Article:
Advertising has always been under fire when directing it to kids.  First and foremost, there are ethical issues, unfair advantage, and then there are developmental and health issues.  Moreover, brands are accused of marketing tactics that promote obesity in children. It’s no doubt that brands spend millions to hook consumers onto their brand. 

Group of children standing over a blank board. Isolated on a white background with word advertising.

Group of children standing over a blank board. Isolated on a white background with word advertising.

However, as consumers, we should support brands that ethically and respectfully advertising to kids.

In 2004, brands spent $15 billion and that amount has reached over $50 Billion.  One reason for this huge increase is the invasiveness of advertising.  An increase of kids purchasing power also contributes to the paramount budgets brands have to secure a cradle to the grave loyalty.  Similarly, technology changes the reach and accessibility of advertising to children.  Internet marketing to kids is featuring puzzles, activities, games, and cartoons.  As a result advertising on games grew from $77 million to $230 million.  

Another new advertising tactic is the use of virtual reality (VR) and immersive interactive games.  VR is expected to be larger than mobile advertising, although the technology is still new to marketers.  Additionally, VR is becoming necessary in communicating with people and how we experience the world.  Conversely, VR is an individual experience and should we should treat it as such.

One company that is using VR and creating individual experiences is Kiddoz.  Kiddoz is content discovery network for kids.  Kiddoz partnered with EyeClick to create interactive immersive experiences where kids can engage with brands virtually.  EyeClick is the maker of BEAM, an interactive gaming projector that allows kids to play in a virtual playground.  Imagine using virtual reality for marketing while keeping kids active and engaged.  Marketing through interactive games allows kids to take part in the brand experience while building loyalty.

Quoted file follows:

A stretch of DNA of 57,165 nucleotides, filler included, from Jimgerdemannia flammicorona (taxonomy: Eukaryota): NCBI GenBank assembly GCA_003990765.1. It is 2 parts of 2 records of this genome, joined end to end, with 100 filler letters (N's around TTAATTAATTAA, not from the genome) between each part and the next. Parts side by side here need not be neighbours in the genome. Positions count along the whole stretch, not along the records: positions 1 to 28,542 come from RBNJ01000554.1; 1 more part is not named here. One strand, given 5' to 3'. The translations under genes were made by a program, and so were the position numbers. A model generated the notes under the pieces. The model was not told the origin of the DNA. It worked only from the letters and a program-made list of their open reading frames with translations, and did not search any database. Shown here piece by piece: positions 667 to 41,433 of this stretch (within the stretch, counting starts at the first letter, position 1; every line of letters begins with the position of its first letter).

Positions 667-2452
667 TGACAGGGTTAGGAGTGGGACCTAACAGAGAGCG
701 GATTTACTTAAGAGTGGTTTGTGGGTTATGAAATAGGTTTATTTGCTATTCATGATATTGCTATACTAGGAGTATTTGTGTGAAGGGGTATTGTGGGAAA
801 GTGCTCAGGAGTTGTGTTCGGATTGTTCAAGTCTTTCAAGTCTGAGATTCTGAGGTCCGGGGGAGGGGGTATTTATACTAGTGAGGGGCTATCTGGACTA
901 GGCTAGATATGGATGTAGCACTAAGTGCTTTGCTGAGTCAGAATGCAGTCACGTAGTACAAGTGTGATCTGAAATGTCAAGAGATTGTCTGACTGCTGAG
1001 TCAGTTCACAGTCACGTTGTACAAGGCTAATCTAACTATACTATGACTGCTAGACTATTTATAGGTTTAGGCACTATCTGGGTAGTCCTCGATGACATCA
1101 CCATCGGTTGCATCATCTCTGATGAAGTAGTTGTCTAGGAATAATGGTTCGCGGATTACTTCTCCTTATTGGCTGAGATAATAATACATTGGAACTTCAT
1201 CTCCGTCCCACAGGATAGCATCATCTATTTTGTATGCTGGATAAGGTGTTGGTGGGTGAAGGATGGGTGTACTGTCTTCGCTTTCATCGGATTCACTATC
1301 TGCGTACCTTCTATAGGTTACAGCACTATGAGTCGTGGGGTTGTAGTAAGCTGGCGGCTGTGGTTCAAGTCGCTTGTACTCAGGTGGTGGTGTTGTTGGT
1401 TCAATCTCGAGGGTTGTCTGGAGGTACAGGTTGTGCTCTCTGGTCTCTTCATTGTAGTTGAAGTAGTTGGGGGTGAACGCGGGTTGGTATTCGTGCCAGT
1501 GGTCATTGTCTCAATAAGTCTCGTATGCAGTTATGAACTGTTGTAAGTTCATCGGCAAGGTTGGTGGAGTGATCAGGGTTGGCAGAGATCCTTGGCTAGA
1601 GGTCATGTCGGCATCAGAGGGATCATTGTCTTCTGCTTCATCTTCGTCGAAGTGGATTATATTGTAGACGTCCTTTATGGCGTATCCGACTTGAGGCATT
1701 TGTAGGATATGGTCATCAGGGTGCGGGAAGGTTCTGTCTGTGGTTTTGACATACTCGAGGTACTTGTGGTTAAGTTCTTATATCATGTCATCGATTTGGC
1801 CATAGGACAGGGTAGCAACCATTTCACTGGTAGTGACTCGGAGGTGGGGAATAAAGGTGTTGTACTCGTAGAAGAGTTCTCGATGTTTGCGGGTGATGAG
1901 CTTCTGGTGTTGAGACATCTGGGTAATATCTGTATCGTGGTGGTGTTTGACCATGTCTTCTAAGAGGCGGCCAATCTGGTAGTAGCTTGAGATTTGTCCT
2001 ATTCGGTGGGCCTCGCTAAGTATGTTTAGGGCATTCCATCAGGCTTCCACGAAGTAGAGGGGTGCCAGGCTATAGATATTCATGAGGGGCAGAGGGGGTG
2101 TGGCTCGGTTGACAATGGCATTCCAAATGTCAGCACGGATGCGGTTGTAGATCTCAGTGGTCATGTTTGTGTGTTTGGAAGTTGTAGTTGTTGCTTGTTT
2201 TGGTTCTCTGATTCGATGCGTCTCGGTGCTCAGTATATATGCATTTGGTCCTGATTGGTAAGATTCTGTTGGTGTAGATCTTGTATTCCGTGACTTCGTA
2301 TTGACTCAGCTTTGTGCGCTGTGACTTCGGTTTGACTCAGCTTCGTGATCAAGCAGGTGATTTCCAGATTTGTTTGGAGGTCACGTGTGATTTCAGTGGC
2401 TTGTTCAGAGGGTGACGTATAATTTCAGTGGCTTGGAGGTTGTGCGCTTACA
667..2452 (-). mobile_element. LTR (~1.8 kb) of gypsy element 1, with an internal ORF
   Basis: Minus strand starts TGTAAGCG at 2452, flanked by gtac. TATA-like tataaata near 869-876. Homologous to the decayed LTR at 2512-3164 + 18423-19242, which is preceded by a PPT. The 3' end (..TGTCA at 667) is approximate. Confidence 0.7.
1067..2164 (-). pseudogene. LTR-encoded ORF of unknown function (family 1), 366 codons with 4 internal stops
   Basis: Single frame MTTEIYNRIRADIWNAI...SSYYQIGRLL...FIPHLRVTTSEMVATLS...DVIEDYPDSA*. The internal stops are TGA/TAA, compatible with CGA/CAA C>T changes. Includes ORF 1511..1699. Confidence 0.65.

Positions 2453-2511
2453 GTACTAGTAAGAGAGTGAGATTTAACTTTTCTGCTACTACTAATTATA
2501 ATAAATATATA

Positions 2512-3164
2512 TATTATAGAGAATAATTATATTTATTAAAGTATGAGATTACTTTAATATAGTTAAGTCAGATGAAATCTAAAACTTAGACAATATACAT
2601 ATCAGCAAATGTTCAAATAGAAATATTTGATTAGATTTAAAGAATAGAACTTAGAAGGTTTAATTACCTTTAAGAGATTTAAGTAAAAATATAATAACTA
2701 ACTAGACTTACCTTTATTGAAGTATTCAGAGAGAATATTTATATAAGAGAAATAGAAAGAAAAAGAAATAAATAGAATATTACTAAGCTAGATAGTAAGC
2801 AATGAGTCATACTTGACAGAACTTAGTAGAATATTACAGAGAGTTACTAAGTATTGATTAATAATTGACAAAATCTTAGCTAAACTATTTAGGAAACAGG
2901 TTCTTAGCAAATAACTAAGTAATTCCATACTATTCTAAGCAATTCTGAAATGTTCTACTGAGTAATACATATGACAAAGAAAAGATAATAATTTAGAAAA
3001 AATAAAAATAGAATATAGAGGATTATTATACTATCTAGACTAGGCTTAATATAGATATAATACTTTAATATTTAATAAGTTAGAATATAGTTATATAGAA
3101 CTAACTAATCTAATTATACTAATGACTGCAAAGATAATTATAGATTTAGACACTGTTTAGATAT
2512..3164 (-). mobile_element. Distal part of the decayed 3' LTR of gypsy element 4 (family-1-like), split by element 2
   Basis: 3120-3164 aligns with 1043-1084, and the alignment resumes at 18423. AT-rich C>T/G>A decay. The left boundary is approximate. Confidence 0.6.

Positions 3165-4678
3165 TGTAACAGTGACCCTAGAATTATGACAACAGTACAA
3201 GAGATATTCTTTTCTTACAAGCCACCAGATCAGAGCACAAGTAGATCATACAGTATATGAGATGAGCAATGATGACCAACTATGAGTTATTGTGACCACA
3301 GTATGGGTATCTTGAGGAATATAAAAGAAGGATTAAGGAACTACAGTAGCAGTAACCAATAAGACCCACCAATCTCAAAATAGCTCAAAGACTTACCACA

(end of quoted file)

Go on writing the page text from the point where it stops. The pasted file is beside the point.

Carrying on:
Marketers are increasingly building brand awareness and loyalty through video games.”  To market to kids, provide an immersive experience that has a cradle to the grave strategy.  

Effective marketing to kids should encompass these elements

Attention: Grab kids attention through music, features, color, themes, and even sound effects.  Your advertising should be consuming and fun.  “Embedding a marketed product into entertaining content creates favorable attitudes about that product without the user even being aware.

Repetition:  The more you say your brand slogan, display its brand logo, colors, or story, the easier it is to recognize.

Recognition & Retention:  songs, rhymes, visuals reinforce brand awareness.  The more kids are exposed to a brand the more they can recall the brand.

They should also be original.  Create original content.  Be genuine and trustworthy without trying too hard.  Remember to include parents.  Ultimately, parents are the decision-maker.  But, let the kids be the voice of your brand and your ultimate follower.  

Last, but not least, use VR to create advertising that kids can take a part in.  Grab their attention with a fun interactive game where they can play with the brand’s advertisements.
While it’s still hard to market to kids, brands should use new technologies, stay authentic, and respect both children and parents.  Stay ethical, and find fun immersive ways to reach them.

About BEAM

BEAM interactive projector game system by EyeClick is the future of VR and augmented reality.  The award-winning, innovative platform engages customers in Family Entertainment Centers through tailored games.  BEAM helps brands provide a top-notch, no distraction dining experience to patrons and also encourages children to indulge in physical activities to work up a healthy appetite.  Learn more about BEAM (insert email)

~~~J Franco is a freelance content writer and social media strategist for BEAM by EyeClick.  She is a graduate of the University of Southern California with a Master of Communication Management.  J is a marketing ninja by day who is always plotting her next global adventure where she can continue writing her personal memoir. Follow her here

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